A capsule review of this film would mention the “crime” that the movie takes its title from, how the father of the young boy cuts down a tree to make a new pair of clogs that the son can wear to school, and is thrown off the farm by the landowner. That is certainly true, but this event is only part of a larger tapestry, and it is only significant to us because we have lived with these peasants for two hours. The act of the theft is freighted with deeper meanings, like the fact that after being opposed to the son going to school, the farmer is willing to commit a crime to ensure that he can continue. Also, what kind of man is willing to cast a family out of their home because of a hunk of wood? When the farmer and his family (Which includes a newborn baby) have to pack up and leave, the rest of the peasants watch from inside their homes. Olmi is not suggesting that the others are fair-weather friends, but is rather pointing up the hard reality that for the others, life has to go on. We’ve seen some of the others load up a wagon with rocks in order to cheat on the price for their crops, thuso they all know that that could just as easily be them.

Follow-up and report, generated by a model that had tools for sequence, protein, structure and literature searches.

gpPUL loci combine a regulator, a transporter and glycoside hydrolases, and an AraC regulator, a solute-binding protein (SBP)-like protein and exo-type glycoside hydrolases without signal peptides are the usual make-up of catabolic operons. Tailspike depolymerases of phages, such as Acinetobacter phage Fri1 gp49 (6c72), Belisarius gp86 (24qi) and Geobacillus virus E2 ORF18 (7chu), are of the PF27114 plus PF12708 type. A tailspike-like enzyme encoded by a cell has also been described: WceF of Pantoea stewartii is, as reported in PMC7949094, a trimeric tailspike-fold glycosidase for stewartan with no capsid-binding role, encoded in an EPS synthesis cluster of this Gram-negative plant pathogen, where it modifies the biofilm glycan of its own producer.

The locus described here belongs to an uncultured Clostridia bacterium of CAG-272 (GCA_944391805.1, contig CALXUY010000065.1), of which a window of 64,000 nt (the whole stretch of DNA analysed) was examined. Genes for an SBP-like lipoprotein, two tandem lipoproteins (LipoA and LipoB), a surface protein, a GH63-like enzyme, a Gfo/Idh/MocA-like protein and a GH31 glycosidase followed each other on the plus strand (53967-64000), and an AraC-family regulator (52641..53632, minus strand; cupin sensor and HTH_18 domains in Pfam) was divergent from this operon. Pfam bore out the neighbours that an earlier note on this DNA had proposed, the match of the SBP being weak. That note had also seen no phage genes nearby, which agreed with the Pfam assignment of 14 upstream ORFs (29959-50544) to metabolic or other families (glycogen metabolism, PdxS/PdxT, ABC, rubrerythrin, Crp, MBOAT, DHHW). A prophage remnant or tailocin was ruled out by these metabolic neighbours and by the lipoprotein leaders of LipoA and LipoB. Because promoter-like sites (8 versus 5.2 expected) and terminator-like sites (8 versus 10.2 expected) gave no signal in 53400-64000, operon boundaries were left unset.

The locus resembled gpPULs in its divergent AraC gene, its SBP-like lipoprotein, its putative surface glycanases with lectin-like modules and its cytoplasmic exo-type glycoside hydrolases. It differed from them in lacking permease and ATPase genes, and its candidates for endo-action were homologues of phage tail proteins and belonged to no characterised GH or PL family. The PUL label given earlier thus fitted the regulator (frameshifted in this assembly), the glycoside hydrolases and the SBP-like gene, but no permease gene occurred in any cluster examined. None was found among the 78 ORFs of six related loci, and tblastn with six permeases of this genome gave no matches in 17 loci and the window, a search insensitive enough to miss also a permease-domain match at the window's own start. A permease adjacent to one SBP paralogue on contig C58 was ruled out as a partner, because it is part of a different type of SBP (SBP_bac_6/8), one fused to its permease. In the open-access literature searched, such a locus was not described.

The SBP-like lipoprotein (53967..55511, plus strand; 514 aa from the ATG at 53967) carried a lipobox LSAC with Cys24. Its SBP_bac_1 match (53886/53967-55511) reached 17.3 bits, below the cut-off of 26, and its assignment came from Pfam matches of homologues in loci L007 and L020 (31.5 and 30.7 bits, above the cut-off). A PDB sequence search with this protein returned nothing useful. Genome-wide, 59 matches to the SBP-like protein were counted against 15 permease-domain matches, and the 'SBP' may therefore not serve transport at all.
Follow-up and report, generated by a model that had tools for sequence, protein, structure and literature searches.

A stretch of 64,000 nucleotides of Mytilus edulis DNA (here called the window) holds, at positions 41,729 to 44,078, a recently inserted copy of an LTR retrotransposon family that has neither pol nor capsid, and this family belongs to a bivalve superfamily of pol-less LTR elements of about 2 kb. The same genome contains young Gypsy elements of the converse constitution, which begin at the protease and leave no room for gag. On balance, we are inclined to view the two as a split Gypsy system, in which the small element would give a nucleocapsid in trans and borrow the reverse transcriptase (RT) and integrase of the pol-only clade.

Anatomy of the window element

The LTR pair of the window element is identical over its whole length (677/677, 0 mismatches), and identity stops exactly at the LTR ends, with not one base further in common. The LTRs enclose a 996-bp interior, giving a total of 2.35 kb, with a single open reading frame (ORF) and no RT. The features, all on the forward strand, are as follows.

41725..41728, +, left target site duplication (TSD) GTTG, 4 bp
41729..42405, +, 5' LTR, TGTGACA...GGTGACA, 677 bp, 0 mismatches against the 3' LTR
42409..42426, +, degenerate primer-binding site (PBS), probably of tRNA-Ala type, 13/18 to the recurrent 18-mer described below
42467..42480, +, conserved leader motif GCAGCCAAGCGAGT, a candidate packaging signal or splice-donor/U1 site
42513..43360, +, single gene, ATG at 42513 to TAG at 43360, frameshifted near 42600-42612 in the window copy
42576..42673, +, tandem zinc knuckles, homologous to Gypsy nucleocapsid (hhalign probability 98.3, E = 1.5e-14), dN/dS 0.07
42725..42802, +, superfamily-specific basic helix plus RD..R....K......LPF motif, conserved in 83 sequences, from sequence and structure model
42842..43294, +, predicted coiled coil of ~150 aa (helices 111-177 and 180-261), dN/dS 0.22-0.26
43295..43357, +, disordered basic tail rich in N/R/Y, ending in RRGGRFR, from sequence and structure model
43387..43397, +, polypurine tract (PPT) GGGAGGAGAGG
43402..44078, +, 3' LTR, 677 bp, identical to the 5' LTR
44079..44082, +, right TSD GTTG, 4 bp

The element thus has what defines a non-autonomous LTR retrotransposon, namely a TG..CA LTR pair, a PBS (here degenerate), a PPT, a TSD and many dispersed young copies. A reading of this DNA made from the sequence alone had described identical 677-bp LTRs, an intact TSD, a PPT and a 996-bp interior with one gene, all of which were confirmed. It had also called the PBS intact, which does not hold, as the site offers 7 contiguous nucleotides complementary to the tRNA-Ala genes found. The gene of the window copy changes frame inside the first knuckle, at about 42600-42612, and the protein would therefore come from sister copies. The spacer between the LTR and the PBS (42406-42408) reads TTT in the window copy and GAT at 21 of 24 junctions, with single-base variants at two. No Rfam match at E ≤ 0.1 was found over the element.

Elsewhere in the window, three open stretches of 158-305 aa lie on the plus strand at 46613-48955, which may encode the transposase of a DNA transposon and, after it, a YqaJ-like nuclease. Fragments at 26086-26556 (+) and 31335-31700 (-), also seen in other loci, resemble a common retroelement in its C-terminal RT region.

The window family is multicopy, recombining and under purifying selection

Strangely enough, I thought of Bruce Springsteen while watching this film. In his song Reason to Believe, he ruminates on those to whom faith is as much an imperative as oxygen or water.
It struck me kinda funny. Seems kinda funny, sir, to me. How at the end of every hard-earned day, people find some reason to believe.
That describes these people, boiled right down to their essence. They live in a harsh world, and most know that they can’t hope to achieve much beyond it, but they keep on going.